Yemen: Reject Immunity Law for President Saleh and Aides
Human Rights Watch
10 January 2012
Yemen’s parliament should reject a draft law that would grant amnesty to President Ali Abdullah Saleh and anyone who served with him for crimes committed during his 33-year rule, Human Rights Watch said today. The sweeping measure could result in impunity for serious international crimes such as deadly attacks on anti-government demonstrators in 2011. (…)
The draft law, which the parliament is expected to debate as early as January 11, 2012, violates Yemen’s obligations under international law to investigate and prosecute serious international crimes such as torture, war crimes, and crimes against humanity, Human Rights Watch said. (…)
(…) Bowing to international pressure and 10 months of protests against his rule, Saleh agreed in November to cede power under an accord brokered by the Gulf Cooperation Council (GCC). In exchange, the GCC deal instructed Yemen’s parliament, which the ruling party dominates, to act on an immunity law before Saleh is to step down formally on February 21, 2012.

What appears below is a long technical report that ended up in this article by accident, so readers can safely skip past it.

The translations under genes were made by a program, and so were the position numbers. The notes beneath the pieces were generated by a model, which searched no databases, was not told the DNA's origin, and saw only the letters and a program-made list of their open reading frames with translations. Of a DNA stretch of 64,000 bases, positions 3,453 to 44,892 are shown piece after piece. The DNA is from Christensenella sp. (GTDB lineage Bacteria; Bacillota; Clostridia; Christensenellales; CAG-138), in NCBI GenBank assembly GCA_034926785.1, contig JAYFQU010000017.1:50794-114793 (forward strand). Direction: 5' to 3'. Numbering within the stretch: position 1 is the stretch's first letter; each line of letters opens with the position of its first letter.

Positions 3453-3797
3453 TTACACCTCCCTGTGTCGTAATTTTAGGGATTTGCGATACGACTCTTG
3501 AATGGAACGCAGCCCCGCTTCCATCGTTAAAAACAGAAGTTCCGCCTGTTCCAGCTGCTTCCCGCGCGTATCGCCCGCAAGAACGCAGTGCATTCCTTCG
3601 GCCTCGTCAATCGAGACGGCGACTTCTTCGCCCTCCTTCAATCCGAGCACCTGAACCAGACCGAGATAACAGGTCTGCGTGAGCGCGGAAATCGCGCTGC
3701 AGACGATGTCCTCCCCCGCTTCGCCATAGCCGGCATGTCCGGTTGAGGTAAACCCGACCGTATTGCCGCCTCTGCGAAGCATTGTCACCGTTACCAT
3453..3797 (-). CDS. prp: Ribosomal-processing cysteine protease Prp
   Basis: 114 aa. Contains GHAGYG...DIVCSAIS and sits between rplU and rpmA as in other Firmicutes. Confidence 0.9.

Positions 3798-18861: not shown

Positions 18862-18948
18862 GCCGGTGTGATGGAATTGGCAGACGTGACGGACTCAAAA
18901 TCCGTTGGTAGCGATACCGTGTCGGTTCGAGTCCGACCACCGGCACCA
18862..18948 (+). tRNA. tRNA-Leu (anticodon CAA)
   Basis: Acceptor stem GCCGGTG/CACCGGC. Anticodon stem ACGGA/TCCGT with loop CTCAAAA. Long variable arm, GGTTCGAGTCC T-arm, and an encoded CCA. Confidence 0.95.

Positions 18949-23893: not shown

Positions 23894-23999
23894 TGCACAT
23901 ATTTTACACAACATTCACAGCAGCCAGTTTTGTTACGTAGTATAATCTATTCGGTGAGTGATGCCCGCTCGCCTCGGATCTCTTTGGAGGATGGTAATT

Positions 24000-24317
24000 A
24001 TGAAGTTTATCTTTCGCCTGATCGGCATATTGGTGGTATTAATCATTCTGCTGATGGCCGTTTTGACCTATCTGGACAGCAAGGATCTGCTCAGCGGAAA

The granting of immunity would not prevent courts in other countries from prosecuting serious human rights crimes in Yemen under universal jurisdiction, Human Rights Watch said. (…)
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